Love One Another On Twitter
I am not a trained cultural critic or a digital media analyst, but I posted my first tweet in 2009 and have since tweeted 15,000 more times. Back in its early days, I had been watching the rise of what we now call social media, and it became clear to me that the way the human community connected and communicated was about to go through a seismic period of change.
I believed that this new, internet-based media could be a powerful tool for the gospel of Jesus Christ. So, I determined that each morning, I would wake up, sit in the family room of our loft, and share three gospel thoughts. (On Sunday, I tweet once about the importance of corporate worship; on Facebook and Instagram, my team posts content daily, too.)
I will continue to tweet each morning as long as I am able because, without leaving my chair, I can connect the transforming power of Jesus Christ to everyday life. Literally, millions and millions of people from every corner of the world have been encouraged with the gorgeous truths of the person and work of Jesus Christ from my chair in that little room in Philadelphia. What stunningly powerful tools have been placed in our hands!
But there’s a problem with tools. The same hammer used to build a house can also smash a window in a robbery. The same screwdriver that assembles gorgeous furniture can stab someone in a fit of anger. Such is the case with social media.
I am again and again shocked at the darkness and abuse that now lives on social media. So much of that results from people emboldened by the protective cover of a remote screen and keyboard. The prevalence of this toxic digital culture should grieve and concern us.
It would be sad enough if only the unbelieving world was defined by this behavior, fueling our motivation for gospel evangelism. It should be expected, as followers of Christ, when the world hates us: “If the world hates you, know that it has hated me before it hated you.” (John 15:18)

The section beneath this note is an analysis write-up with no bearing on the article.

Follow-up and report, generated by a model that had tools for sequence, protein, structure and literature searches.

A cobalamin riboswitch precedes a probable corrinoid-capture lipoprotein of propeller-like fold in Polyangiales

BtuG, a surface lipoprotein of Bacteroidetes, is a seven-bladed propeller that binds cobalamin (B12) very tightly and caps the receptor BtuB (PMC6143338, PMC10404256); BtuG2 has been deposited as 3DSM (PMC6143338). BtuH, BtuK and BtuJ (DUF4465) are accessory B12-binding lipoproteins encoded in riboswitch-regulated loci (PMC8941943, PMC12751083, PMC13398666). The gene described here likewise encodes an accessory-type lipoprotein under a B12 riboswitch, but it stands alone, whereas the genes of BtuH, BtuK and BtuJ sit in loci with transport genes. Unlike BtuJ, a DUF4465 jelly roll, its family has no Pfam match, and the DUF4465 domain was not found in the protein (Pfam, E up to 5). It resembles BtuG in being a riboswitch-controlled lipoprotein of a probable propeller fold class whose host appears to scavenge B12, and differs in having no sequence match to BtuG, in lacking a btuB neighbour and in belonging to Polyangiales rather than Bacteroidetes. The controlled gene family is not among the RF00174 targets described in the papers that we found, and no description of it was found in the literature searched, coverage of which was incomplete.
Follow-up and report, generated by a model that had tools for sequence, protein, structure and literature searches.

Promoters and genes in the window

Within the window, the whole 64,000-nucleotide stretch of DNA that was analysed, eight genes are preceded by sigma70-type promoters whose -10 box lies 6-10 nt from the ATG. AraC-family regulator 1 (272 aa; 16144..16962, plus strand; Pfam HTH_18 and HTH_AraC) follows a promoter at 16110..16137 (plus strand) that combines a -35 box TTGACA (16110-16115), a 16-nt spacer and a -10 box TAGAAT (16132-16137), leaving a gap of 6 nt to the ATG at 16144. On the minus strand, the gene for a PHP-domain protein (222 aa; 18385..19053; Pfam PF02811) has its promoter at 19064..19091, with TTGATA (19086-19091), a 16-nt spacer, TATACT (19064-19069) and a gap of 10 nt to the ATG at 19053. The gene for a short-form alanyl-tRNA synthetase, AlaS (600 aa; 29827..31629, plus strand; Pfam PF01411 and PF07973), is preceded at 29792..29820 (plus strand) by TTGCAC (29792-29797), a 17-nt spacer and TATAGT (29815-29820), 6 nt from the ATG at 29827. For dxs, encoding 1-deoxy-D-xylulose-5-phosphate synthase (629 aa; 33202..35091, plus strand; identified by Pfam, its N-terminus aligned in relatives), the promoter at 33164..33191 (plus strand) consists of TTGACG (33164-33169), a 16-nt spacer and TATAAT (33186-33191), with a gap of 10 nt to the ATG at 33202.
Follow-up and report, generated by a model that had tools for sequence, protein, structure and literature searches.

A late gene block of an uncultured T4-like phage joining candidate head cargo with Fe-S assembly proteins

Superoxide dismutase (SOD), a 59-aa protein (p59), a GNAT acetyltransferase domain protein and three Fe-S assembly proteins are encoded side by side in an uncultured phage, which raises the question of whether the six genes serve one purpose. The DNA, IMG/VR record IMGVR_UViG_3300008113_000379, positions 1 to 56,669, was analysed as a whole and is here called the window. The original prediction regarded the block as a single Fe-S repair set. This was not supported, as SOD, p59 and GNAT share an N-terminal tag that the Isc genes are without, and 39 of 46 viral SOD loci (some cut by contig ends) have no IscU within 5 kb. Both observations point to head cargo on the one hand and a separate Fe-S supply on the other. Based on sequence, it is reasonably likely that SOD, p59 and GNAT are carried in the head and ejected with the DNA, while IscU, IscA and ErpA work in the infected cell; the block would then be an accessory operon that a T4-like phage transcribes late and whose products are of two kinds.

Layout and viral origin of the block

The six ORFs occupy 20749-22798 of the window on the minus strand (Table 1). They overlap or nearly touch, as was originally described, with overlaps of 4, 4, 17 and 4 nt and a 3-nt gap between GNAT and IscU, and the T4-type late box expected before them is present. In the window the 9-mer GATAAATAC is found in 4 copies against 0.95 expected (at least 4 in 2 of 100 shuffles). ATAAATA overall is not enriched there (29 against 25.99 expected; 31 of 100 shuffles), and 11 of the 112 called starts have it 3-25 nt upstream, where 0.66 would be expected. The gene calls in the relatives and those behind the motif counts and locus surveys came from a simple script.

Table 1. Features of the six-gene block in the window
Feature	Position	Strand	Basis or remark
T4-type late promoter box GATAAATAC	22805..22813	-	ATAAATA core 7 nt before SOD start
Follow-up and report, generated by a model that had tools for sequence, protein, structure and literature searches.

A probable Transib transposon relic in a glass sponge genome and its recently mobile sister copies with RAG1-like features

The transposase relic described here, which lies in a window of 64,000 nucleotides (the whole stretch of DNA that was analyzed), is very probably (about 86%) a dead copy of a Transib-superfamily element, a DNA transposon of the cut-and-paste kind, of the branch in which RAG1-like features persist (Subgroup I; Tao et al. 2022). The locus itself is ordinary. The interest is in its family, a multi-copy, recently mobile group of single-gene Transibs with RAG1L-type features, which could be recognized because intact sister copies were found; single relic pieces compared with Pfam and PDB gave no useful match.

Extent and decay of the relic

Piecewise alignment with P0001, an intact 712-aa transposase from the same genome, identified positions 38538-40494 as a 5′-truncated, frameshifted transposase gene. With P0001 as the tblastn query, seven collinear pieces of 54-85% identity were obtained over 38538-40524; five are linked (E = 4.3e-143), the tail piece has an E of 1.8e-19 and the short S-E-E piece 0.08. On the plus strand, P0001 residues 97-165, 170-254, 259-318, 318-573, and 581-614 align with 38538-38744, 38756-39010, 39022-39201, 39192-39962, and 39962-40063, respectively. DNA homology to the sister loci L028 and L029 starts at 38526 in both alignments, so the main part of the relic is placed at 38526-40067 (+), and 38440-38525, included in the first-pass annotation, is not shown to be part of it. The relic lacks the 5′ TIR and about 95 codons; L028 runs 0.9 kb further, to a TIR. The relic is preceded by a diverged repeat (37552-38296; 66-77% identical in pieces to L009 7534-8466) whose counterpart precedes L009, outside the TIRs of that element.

But what should make us grieve the most is that these nasty interactions have infected and stained the church. When Jesus was in his final moment of tender instruction of his disciples, words meant to prepare them for a life of faith after his ascension, he said this: “By this all people will know that you are my disciples, if you have love for one another” (John 13:35).
Let these words sink in. Jesus is saying that the mark of a disciple, the core indication that you have been visited, rescued, and transformed by grace, is love. In today’s world of digital communication and social media, many of us are reacting in a way that falls way below this standard.
By the power of God’s amazing grace, we can do better. That’s why I wrote my newest book on this timely subject. Reactivity: How the Gospel Transforms Our Actions and Reactions instructs Christians to view social media and digital technology through the lens of the gospel and points readers toward a biblical framework for communication. I pray that Reactivity helps the church engage with culture and each other, encouraging us to think wisely about our interactions online and how we can be beacons of light in an age of digital and social toxicity.
We must grieve, we must repent, and we must do better. Our current, unloving responses to one another cannot be normalized or justified. Reactivity proposes a better way, rooted in the ancient wisdom of the word of God and its central theme—the gospel of Jesus Christ.
Paul David Tripp
1. In what ways have you failed to love your fellow believers in your digital communication?
2. What can you do to cultivate a more biblical view of your online interactions? Be specific.
3. Think of one person to encourage this week online. Send them a message and bring the light of the gospel to their inbox.
4. Are there particular topics that come up online that prompt you to be less than loving in your response?
5. Is there anyone you need to reach out to and ask forgiveness for a previous unloving interaction?
6. As followers of Christ, we aren’t called to love at the expense of truth. We’re called to speak the truth in love. How can you hold onto your theological convictions while maintaining communication that is saturated with love?